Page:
When Dolly Parton was first nominated for and then inducted into the Rock & Roll Hall of Fame last year, certain quarters of the rock community lost their collective shit. Never mind the fact that a precedent has long been set by that institution that they’re using the term “rock & roll” in its broadest sense, feathers were well and truly ruffled. “She’s country, they have their own hall of fame, she doesn’t belong in ours.”
Frankly, it stunk of simplistic thinking. But ultimately, it all comes down to whether one views “rock & roll” as a genre or a spirit, a feeling. We’ve always veered toward the latter, which is why the likes of Public Enemy, and Kraftwerk, and yes, ABBA, absolutely deserve their spot. As does Dolly Parton.
The Queen of country has influenced countless musicians across countless scenes, smashing glass ceilings and kicking down metaphorical doors. When she initially, graciously declined the Rock & Roll Hall of Fame’s nomination, those are the arguments that they offered her. Her music transcends any genre, her legacy is primarily one of country music, yes, but her influence has organically spread much further.
Parton listened, she took it all in and she appreciated the sentiment. But it wasn’t enough for her. She had to be comfortable with the induction, to feel like she’d earned it. So Dolly Parton set about recording a rock album, appropriately titled Rockstar.
“I had often thought that I’d maybe like to do a rock album, because my husband is a huge rock & roll fan,” Parton told us via a Zoom interview. “Off and on, I used to think, maybe someday I’ll do a rock album. Then I started getting older, and then I thought, “Well, it’s probably too late now.’ I wasn’t expecting to go into the Rock & Roll Hall of Fame. I kinda resisted it at the start, but they put me in anyway. I’m really big on timing. I believe that timing is everything. I thought, ‘Well, if I’m gonna be in the rock & roll hall of fame, I need to earn it, and if I’m ever gonna do a rock & roll album, now’s the time.’ So I took advantage of all of that, and just went for it. I think it turned out really well. I’m really proud of it. I was a little nervous at the start, but I felt like it turned out pretty good, considering I’d never done it before.”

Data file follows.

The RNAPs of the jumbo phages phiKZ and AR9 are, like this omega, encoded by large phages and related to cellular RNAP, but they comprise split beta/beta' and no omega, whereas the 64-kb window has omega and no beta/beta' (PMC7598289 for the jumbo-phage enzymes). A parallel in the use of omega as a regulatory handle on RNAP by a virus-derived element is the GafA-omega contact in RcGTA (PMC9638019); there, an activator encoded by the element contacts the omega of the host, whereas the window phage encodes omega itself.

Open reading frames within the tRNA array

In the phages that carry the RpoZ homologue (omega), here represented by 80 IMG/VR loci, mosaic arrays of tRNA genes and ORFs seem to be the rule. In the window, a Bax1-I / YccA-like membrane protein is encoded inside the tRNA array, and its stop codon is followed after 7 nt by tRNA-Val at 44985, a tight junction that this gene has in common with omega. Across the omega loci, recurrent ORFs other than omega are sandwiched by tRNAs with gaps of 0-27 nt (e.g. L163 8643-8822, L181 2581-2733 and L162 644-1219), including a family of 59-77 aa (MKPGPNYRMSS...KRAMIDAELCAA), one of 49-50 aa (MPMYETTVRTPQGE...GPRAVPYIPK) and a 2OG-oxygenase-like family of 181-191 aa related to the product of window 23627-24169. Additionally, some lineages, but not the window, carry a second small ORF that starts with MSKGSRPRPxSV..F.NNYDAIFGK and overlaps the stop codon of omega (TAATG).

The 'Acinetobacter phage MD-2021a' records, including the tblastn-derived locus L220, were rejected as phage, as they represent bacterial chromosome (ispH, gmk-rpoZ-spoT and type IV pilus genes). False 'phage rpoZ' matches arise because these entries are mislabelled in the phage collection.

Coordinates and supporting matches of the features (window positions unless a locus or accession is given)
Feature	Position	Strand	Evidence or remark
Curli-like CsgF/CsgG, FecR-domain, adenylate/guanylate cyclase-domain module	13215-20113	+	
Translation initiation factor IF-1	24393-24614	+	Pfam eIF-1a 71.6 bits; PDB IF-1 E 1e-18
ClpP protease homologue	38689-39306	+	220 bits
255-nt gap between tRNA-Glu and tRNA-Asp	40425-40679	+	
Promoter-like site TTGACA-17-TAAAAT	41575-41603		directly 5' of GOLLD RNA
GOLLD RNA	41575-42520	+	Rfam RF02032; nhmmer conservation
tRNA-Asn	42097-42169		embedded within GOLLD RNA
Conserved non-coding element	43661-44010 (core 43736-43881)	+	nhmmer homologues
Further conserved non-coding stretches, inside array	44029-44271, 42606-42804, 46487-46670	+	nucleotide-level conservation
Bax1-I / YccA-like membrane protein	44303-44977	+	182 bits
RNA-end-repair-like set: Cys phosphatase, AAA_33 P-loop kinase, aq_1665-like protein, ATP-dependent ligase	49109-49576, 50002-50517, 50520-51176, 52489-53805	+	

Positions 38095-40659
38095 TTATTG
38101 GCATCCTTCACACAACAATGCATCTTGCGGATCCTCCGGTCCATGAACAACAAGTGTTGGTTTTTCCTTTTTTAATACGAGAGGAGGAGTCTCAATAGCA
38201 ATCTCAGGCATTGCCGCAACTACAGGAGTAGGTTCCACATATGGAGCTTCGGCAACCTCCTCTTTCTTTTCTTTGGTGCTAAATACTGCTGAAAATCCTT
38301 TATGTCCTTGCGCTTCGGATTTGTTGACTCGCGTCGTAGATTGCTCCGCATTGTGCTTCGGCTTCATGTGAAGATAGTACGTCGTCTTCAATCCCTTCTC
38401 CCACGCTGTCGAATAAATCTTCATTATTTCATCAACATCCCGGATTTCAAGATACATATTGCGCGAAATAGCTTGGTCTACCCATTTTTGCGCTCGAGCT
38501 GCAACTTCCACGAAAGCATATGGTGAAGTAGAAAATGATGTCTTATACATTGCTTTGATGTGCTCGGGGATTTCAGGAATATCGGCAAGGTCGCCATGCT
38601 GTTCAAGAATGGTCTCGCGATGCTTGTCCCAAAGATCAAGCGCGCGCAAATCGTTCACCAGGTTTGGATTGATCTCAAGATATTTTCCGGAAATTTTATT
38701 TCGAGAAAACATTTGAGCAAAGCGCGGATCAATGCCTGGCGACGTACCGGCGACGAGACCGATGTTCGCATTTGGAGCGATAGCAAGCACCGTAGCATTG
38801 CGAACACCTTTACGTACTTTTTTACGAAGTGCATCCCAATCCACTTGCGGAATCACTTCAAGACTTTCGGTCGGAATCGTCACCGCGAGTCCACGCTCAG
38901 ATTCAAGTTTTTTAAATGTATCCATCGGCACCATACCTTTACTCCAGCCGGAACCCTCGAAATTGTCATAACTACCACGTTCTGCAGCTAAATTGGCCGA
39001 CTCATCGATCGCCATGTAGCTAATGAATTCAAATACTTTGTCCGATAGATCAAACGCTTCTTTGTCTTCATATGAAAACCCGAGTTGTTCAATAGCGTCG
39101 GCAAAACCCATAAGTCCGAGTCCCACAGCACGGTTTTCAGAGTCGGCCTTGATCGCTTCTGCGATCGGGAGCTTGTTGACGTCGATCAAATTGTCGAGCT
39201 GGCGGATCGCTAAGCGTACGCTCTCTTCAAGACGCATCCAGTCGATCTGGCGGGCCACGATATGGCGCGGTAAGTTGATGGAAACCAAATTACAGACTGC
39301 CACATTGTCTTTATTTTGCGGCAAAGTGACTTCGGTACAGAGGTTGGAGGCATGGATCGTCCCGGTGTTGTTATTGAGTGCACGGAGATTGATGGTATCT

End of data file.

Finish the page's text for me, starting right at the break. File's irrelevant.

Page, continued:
And so she just upped and did it. Parton selected a bunch of songs that she wanted to cover, and prepped some originals, too. She roped in a whole lot of premier league rock and pop icons, legends and general stars to work with, and then she recorded a whole lot of songs. Whittling them down proved impossible, so Rockstar ended up as a 30-song beast — 21 covers, nine originals.
“Before I knew it, they were just mounting up and I wasn’t finished,” Parton says. “I thought, ‘I need to do all these songs so I can choose how many I will have, I’ll have a great field to pick from, to make a normal album.’ But the more I listened, I couldn’t cut any of them out. And then we talked about it. I said, ‘Well, since I’m probably never going to do another one, since I’ve never done one before, can’t we just go ahead and put them all out? Just maybe do some vinyls, just to have stuff to leave for my legacy for people to pick and choose and do compilations of through the years.’ So we decided just to go ahead and put it all out. We even had a few bonus tracks, too. We actually had about 35 things we did, 35 or 36 songs. Some of them are still in the can. Some of them we’re gonna use for bonus tracks for different things at different times. But the 30 that we did are just the best of the lot, I felt.”